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Rather than take midterms and a final, freshmen in 3.091 this fall will earn their grades by answering a series of around 40 online questions spread out over the semester.

For each of around 40 topics in Introduction to Solid-State Chemistry, students will have a two-week window to head to an Athena cluster to solve a uniquely generated problem within that topic. A student who gets it wrong will be able to ask a proctor for an explanation and come back the next day to try a different problem within the same subtopic.

This latest experiment in MIT’s on-campus education is Professor Michael Cima’s twist on the ‘flipped classroom,’ in which students are first exposed to topics not during lecture but on their own time.

In 3.091 this fall, students will go through sequences of video clips and simple exercises, to be largely taken from the online version of 3.091, which 40,000 students around the world signed up for in the past year on edX, the platform for massive open online courses (MOOCs) started by Harvard and MIT.

“I’m going to take advantage of the fact that we finally have a text that’s perfect for the class,” he said, referring to the edX ‘learning sequences.’

Cima hopes that these learning sequences, which break down past lectures into shorter segments, will save time for those who remember their high-school chemistry.

“Some students have a background in the Bohr atom. They don’t need to mess with that. Moles to grams? They can just skip right by that.”

Cima also hopes the learning sequences will free up time for livelier classes.

“My lectures are going to be very different. I am not going to get up to the board and go through laboriously the kind of things I was forced to before because it was not even in the text,” he said. “Now I can take more questions. I can spend more time making sure people get the big picture. I can do more demos, which I plan to do. I can spend time putting questions to people in the audience, getting a discussion going, which I personally feel I’m much better at than talking at a chalkboard.”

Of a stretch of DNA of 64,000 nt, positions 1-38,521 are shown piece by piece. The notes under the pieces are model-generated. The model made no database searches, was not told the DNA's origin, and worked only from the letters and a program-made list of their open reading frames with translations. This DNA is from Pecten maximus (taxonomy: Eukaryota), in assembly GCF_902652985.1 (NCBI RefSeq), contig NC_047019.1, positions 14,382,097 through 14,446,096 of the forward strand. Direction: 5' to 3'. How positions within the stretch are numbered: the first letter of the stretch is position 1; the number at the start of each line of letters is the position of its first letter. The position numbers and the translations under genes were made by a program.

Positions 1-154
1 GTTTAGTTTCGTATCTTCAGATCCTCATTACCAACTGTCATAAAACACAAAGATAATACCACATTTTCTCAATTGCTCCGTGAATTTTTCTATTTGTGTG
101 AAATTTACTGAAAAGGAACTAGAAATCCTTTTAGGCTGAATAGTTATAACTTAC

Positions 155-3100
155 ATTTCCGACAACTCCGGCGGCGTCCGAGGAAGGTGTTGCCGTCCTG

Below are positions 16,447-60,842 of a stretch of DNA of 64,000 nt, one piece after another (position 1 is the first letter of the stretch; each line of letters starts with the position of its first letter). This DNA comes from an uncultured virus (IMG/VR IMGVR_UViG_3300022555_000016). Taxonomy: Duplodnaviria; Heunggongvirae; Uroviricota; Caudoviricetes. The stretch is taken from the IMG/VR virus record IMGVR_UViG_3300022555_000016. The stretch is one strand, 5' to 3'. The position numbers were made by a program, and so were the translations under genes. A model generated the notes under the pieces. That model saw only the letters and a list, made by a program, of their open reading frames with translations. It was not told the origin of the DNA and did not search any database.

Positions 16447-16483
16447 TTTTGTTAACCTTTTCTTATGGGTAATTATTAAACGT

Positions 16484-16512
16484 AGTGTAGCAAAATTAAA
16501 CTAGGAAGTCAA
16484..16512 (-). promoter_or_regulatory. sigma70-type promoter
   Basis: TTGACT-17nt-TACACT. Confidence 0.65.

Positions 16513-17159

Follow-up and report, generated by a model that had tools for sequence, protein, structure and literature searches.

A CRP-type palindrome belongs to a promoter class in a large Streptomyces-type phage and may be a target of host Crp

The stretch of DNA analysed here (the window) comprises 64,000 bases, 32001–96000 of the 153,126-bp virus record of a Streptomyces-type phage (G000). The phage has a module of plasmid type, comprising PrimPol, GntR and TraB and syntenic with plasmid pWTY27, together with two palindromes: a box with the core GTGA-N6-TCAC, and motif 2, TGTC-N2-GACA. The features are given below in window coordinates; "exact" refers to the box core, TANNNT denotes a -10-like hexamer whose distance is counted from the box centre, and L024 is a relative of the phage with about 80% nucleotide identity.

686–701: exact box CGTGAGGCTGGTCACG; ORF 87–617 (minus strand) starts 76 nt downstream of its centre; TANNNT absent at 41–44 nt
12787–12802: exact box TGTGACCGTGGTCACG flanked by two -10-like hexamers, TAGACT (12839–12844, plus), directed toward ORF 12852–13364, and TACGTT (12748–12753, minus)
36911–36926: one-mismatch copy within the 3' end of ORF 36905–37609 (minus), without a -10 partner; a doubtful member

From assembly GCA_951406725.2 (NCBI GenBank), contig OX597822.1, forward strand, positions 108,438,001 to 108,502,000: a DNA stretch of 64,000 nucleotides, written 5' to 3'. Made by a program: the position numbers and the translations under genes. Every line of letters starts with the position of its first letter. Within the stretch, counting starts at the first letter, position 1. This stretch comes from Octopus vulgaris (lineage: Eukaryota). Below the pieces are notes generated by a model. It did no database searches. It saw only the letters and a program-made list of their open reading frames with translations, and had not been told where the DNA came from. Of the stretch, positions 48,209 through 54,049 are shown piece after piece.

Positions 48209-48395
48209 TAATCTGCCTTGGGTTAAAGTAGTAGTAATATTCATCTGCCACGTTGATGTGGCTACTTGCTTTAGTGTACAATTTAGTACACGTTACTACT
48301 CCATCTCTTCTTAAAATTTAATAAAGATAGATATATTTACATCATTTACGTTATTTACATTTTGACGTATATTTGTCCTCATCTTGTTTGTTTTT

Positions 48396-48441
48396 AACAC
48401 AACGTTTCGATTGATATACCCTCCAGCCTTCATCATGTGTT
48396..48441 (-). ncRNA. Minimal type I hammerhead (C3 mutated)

As for splitting up the tests into bite-sized online assessments, Cima said the switch was borne of doubts that traditional exams were working.

When grading midterms, Cima said he often came across problems left blank.

“Does that mean the student didn’t know this? Or does it mean I didn’t test this? In other words, they didn’t have time. I believe it’s that they didn’t have time.”

Students will have up to several hours to do one problem this fall ­— the plan is for 3.091 TAs to “take over” an Athena cluster for some fraction of each week, including from 7 to 10 p.m. each night. Students will be allowed to come in at any time within that period.

Cima said that when he looked over the final, three midterms, and 10 or 12 quizzes from semesters past, he found that there were 37 problems, corresponding to around the same number of topics.

A team has been working through the summer to create a collection of problem templates for each of these topics. Simply by randomly varying the numbers, each template can spawn any number of different problems for the student at the Athena terminal.

It’s an approach that’s been tested on the students in the edX course. The edX team wrote 15 problem templates about acids and bases, and each student was assigned a random template with random numbers within bounds. “Over the entire world, no one got the same question,” Cima said, and to his knowledge, “nobody knew this was going on.”

Cima said he enjoys interacting with students on edX’s discussion forum. “The students like it when the ‘professor’ responds to a question or cheers them on in some way.”

Still, his MIT students take priority. “The only reason I got involved in this is I want to do a better job in my residence class,” he said.

In an experiment with grading open-ended responses with artificial intelligence, Cima asked edX students to answer a question about surfactants in five sentences or fewer. 100 of the responses were graded by hand and used to train the automated grader.

Though the experiment in machine learning was unsuccessful, Cima did come out with an insight that may forever change the way he assesses students.

The tests MIT students have been handing in? “All different angles — you can’t read it.”

“What I learned about [typed] responses is that they are tremendously easier to hand-grade than a hand-written response from a student,” he said. “It took me like a fraction of the time — boom, boom, boom, boom.“